Bycatch of lined seahorses (Hippocampus erectus) in a Gulf of Mexico shrimp trawl fishery

Bycatch studies have largely ignored population level effects on fish species of little commercial interest. Here we analyze bycatch of the lined seahorse (Hippocampus erectus) in the bait-shrimp trawl fishery in Hernando Beach, Florida, providing the first fisheries data for this species.

Based on catch per unit of effort (CPUE), size, sex, and reproductive status of trawled H. erectus,

  1. 1) approximately 72,000 seahorses were caught annually by this fleet, from a population of unknown size,
  2. 2) trawling affected population cohorts differentially because of temporal and spatial variation in CPUE and population size, and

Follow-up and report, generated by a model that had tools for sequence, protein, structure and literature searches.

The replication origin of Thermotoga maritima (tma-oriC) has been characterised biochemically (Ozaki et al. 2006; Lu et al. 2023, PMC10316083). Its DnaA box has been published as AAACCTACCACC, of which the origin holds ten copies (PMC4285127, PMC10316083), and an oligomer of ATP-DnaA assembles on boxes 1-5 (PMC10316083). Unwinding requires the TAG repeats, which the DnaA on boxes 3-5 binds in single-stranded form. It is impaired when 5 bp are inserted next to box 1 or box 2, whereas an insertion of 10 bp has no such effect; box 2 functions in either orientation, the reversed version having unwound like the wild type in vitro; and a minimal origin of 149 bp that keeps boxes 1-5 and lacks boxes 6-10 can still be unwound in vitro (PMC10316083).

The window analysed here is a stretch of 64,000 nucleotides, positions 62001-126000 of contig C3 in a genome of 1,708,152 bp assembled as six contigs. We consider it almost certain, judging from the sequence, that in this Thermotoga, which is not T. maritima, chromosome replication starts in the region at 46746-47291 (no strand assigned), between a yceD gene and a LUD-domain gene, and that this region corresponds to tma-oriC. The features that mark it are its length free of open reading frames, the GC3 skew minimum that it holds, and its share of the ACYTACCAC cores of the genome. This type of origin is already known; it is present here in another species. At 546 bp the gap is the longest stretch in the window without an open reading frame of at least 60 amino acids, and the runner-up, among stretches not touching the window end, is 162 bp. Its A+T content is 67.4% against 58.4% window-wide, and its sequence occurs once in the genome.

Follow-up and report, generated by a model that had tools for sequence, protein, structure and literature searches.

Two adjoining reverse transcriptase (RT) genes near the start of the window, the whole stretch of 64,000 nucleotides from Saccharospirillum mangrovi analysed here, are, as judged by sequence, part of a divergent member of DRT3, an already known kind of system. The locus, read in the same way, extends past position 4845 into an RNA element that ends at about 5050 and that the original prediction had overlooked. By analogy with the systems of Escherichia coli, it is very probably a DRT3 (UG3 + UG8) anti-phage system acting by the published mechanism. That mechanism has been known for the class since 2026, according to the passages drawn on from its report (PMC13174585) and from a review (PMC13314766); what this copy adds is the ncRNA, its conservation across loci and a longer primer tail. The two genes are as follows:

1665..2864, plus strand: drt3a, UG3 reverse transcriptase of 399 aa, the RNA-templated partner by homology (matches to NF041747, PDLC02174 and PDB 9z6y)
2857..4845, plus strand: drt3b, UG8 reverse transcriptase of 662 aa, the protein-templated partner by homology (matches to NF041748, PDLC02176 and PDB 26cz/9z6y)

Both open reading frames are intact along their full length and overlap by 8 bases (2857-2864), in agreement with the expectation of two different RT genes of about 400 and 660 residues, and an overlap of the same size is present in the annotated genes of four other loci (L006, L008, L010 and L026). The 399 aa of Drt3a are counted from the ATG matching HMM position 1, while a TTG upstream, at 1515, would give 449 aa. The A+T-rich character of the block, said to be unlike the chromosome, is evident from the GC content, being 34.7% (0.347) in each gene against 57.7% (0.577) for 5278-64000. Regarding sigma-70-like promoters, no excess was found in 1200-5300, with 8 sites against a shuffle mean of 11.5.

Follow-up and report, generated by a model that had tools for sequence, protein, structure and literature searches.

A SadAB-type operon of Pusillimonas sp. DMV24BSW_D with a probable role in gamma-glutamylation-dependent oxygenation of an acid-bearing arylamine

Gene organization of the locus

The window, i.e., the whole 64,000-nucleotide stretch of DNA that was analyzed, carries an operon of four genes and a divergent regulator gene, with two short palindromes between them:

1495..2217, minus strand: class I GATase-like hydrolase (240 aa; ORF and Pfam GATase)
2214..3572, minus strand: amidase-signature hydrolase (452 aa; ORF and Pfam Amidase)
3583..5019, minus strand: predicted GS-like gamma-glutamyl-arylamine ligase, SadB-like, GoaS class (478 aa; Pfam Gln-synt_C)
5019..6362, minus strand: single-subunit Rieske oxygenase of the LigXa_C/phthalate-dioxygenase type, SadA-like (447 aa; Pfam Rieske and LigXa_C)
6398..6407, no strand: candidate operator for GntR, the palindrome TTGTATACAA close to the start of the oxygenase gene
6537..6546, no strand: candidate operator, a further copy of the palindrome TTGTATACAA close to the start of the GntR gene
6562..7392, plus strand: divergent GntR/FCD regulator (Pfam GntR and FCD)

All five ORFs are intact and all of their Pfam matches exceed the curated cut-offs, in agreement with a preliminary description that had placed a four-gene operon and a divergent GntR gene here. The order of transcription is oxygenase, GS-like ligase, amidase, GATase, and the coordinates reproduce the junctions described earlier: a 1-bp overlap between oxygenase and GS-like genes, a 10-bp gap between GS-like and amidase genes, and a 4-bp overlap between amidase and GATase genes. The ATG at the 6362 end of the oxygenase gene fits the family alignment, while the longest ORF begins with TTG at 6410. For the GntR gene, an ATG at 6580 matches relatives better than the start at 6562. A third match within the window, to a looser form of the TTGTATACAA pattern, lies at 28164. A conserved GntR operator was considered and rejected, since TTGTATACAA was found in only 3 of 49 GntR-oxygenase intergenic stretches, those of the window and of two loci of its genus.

3. 3) a greater proportion of females than males was removed in trawling.

Our findings suggest that trawling may affect seahorse populations through direct mortality, social disruption, and habitat damage. However, the lack of specific abundance or catchability estimates for H. erectus means that the precise impact of trawling on this fish remains uncertain. This paper focuses attention on the need for research and monitoring of small fishes that are caught incidentally in nonselective gear.

Baum, J.K., J.J. Meeuwig and A.C.J. Vincent. 2003.  Bycatch of lined seahorses (Hippocampus erectus) in a Gulf of Mexico shrimp trawl fishery.  Fisheries Bulletin 101(4):721-731.